Any leader is inevitably going to experience times when things go wrong, results look uncertain, or deadlines look like they may be missed. However, in these times, it is vital that you do not capitulate under pressure. Instead, you need to have confidence in yourself and your team, and try to maintain composure at all times.
“What makes a good leader is the ability to stay calm and in control,” explains Brian Tracy, a sales training expert and the author of the book The Psychology of Achievement. “When you exude confidence in yourself, in the decision, and in the people around you, you instill the same feelings and attitudes in others.”
4. Long-Term Thinking
The business world is extremely results-orientated and this can sometimes encourage short-term thinking, as leaders concern themselves only with meeting the next deadline or meeting their next financial target. Truly great managers, on the other hand, are able to keep the bigger picture in mind.
Long-term decisions are more difficult to make, because they may not pay off instantly. Nevertheless, leadership requires vision and a strong manager is able to make smart decisions and stay the course, with confidence that the eventual pay off will be far greater than if they had implemented another short-term fix.
5. Leading By Example
Finally, the ability to lead by example is paramount. As a manager, you are the role model to your team, so you should be the employee you want to see in the workplace. Avoid emotional outbursts or erratic behaviour, set a high standard of work for employees to match and earn the trust of your subordinates.
Think about the way you dress, the way you conduct yourself, the type of work you do and consider how it makes you look in the eyes of others. A good manager is happy to take initiative and knows when to get their own hands dirty in order to establish credibility and positively shape the behaviour of others.
Monika Götzmann is the EMEA Marketing Director for MHI Global (formerly AchieveGlobal), a global sales training and leadership development company. It specialises in providing exceptional sales management courses and helps organisations develop business strategies to achieve sales success. Monika enjoys sharing her insight and thoughts to provide better sales and leadership development training.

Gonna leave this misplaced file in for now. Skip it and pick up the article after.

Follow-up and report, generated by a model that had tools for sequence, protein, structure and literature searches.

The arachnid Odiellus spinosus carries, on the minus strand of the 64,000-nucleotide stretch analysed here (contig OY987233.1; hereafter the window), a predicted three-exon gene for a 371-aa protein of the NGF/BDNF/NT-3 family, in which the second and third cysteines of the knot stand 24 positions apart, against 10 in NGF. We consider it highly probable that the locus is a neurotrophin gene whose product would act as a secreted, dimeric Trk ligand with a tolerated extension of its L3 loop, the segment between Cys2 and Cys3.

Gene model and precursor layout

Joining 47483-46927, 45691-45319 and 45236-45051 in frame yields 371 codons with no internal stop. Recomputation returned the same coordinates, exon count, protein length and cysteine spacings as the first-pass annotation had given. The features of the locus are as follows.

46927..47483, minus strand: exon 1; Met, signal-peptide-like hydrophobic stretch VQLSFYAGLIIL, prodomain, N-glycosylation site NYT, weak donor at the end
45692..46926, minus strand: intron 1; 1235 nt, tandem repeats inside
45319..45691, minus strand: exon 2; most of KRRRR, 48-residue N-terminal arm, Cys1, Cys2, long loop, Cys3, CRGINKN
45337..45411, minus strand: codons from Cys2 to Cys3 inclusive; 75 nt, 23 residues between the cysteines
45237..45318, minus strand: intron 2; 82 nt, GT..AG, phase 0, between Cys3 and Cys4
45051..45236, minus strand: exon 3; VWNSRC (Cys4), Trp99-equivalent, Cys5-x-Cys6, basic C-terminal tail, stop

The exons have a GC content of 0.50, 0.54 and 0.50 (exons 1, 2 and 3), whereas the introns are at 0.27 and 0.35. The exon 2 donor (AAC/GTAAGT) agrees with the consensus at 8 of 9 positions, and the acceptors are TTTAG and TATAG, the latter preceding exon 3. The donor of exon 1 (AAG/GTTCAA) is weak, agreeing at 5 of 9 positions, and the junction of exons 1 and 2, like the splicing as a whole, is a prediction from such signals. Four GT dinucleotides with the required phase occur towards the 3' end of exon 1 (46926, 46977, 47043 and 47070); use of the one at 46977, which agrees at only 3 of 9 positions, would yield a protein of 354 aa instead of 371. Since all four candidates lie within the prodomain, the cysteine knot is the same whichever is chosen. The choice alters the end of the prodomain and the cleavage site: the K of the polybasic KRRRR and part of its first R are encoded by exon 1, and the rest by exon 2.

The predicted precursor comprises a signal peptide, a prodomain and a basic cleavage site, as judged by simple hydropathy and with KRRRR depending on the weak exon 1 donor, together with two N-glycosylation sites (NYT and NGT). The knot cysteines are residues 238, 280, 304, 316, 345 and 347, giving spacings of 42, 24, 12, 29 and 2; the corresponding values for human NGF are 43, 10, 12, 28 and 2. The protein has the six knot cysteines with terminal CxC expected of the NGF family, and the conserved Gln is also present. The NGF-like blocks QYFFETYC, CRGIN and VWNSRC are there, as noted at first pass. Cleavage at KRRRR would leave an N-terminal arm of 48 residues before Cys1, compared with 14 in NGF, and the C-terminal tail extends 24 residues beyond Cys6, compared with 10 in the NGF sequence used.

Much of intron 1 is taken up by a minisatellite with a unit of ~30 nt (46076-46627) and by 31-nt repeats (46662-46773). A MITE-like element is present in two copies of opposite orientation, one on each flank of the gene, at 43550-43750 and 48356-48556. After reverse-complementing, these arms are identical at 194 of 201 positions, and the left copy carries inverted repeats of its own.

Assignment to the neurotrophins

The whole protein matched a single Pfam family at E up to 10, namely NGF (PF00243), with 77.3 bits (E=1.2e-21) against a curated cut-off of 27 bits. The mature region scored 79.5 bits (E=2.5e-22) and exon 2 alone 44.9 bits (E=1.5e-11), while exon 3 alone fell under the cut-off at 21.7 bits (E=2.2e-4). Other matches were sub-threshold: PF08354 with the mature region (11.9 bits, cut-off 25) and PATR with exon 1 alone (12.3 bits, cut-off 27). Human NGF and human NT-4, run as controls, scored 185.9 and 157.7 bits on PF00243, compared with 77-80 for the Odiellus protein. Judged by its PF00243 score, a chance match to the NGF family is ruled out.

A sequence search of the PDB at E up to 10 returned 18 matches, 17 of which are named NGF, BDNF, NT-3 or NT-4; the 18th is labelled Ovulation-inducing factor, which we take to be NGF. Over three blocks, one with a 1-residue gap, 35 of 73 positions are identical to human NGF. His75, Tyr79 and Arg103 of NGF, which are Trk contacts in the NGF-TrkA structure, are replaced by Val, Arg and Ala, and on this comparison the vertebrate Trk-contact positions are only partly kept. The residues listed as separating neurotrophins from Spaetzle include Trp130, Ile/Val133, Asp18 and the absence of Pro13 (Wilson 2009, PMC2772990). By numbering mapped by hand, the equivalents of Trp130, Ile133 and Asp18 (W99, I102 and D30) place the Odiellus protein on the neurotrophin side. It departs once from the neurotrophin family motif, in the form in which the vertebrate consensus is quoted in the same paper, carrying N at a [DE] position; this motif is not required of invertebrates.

Michael Scott, Regional Manager of the fictional paper products company Dunder-Mifflin, is prying, inappropriate, and manipulative. He’s offended everyone he’s worked with or for. And he’s created a hostile working environment time and time again. He’s a great salesman but a bad boss.
But as he would say, he’s not a bad person. He has shown time and again on the mockumentary NBC TV show “The Office”, that there are hints of a good manager in there. He’s risen through the ranks from staff to management. He’s good at recognizing his soft spots (sometimes too good at announcing them). And nobody knows more about his staff and their skills than he does. Here are five examples of traits he showed, ones many bosses could put to good use.
Know the job
Prior to his promotion to management, Michael Scott was one of the most celebrated salespeople in Dunder-Mifflin, winning top sales awards time and time again. He claimed that at least two-thirds of the current prospects for his branch in Scranton were his own personal contacts. Jim Halpert has admitted that he’s impressed with Scott’s skills. So unlike some bosses, he has been in the trenches and walked the walk. Leaders should be aware that the skills one needs to do the job are not the same skills to manage people doing the job.